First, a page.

• The Chief Purpose Coach

Don't be a Know It All


I find great joy in working with my coaching clients. It’s an honor when they share their truth with me, and allow me to ask them the questions that lead them to the answers that are often already within them. Today’s question for one of my clients was “As a leader, do you have to know everything? Do YOU have to have all the answers?”


My client was struggling to cope in their current role that they’ve only been doing for a year. Moving from a citywide focus to managing a national program, they were struggling and feeling the weight of that shift. Realizing that they didn’t always have all the answers, they admitted to spending an extraordinary amount of time and energy trying to know every detail about the programs they manage and feeling inadequate when they didn’t. A year in, and things still were not quite coming together, leaving them to question themselves, their preparation, and aptitude to do the work.


During what was a very candid story, it was shared that they hate to say “I don't know.” This is primarily because they had internalized the idea that "I don't know is not an answer."


But what if I don't know is an answer. Sometimes you truly DON’T KNOW. It may not be the answer people want to hear, but what if I don't know is a way to acknowledge that I don't have to know. What if saying "I don't know" is a way to acknowledge that it's not my job to know everything, but that in fact, it is my job to know who DOES know. As a leader, my job is to bring that person into the spotlight, so they can shine.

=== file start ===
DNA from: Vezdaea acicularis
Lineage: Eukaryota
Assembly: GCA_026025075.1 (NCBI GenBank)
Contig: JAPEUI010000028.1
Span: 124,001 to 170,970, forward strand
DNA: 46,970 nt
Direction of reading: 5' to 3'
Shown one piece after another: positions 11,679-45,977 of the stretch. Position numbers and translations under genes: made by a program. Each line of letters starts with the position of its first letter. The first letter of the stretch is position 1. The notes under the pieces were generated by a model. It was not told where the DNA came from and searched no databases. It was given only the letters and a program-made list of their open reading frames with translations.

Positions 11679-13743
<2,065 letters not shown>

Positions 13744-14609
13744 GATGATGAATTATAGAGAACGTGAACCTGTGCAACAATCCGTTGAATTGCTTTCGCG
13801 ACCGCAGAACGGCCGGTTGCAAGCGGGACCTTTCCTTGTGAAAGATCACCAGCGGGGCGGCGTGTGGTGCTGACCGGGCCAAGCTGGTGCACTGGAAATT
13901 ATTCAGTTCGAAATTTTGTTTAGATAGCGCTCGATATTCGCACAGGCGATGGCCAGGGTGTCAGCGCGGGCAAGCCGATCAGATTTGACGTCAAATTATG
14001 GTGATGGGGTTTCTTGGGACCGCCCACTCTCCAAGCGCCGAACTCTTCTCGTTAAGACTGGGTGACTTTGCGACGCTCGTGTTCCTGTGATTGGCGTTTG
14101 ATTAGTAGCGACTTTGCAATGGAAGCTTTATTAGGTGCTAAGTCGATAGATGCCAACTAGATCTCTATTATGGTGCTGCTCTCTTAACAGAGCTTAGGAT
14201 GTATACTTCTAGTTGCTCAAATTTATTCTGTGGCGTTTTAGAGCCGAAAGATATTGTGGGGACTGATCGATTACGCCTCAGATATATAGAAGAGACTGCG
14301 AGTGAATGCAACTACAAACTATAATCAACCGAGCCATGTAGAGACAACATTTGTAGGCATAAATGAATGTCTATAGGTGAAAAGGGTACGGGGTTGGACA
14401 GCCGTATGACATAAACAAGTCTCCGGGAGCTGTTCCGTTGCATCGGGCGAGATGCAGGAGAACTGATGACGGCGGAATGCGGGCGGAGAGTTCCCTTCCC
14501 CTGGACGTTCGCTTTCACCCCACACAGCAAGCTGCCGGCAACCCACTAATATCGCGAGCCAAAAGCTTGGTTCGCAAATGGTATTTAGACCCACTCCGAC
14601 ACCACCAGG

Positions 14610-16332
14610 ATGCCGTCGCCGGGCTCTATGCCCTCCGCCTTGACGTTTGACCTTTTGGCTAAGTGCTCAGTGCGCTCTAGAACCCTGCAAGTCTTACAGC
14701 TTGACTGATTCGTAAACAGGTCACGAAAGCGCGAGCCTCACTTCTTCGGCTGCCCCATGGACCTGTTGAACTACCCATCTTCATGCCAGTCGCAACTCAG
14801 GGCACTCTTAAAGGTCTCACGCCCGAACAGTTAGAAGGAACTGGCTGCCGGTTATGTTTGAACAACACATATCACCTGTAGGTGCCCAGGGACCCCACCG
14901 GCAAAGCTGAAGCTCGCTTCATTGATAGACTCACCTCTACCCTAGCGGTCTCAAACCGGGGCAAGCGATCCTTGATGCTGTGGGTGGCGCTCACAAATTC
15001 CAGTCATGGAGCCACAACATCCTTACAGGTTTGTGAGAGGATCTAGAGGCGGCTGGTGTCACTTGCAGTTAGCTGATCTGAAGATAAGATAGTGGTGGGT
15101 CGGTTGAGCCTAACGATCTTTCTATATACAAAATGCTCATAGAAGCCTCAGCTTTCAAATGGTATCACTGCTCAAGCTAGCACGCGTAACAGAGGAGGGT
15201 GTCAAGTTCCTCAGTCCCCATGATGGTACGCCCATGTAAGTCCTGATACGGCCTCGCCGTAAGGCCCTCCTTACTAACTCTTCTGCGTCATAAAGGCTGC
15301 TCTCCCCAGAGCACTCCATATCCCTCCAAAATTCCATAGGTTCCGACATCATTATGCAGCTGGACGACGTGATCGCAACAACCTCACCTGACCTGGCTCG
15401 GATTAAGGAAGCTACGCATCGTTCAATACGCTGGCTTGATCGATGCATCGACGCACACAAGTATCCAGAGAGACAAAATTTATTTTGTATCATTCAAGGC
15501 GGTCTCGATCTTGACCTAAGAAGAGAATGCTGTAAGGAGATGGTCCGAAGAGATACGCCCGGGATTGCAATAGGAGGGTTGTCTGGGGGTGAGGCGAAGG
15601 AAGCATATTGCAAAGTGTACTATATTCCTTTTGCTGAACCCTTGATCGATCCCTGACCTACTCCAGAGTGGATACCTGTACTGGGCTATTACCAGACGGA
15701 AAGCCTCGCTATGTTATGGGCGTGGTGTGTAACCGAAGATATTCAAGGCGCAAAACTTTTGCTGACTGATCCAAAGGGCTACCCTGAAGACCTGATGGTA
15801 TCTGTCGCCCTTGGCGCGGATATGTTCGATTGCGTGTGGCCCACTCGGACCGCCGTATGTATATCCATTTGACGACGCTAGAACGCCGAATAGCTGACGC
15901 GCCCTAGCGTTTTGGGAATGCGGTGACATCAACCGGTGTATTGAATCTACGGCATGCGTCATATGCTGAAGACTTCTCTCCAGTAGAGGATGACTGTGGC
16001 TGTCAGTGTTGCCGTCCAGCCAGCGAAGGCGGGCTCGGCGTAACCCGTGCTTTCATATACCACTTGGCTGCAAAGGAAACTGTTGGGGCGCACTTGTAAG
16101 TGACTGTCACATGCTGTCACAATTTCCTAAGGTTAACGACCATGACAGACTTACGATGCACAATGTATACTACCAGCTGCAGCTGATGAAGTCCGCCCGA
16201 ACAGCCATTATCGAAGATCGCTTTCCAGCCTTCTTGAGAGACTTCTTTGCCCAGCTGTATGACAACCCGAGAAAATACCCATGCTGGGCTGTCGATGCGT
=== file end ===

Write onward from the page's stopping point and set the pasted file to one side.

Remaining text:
What if saying "I don't know" is a way to acknowledge that it's not my job to know everything, but that in fact, it is my job to know who DOES know.

When we all depend on our strengths and lean into them to be great, we are all better for it. My advice is that you know and embrace YOUR strengths. A leader does not have to sit at the top and know everything. That's both unrealistic and unsustainable, and it also undermines the strengths and significance of the others on the team. If one person knows it all, why is everyone else needed? And people need to feel needed to stay engaged and motivated.


If this is something you too grapple with, allow me to offer some possible next steps:


1) Identify and understand YOUR unique strengths. What do you do well? Take stock. Ask others. What are the things others come to you for consistently? Know that they come to you because that’s your strength. Embrace those strengths fully.


2) Understand how your strengths show up in the work you do. How do they add value to the team in a significant way?


3) Identify the things you DON'T do well or that drain your energy. Who are those on your team that do those things well? How can you bring them into the work more often so they can do what they do and shine?


Take inventory in this way and I’m certain afterward you’ll realize that not knowing it all and being honest with the fact that you don’t may just make you a better leader.


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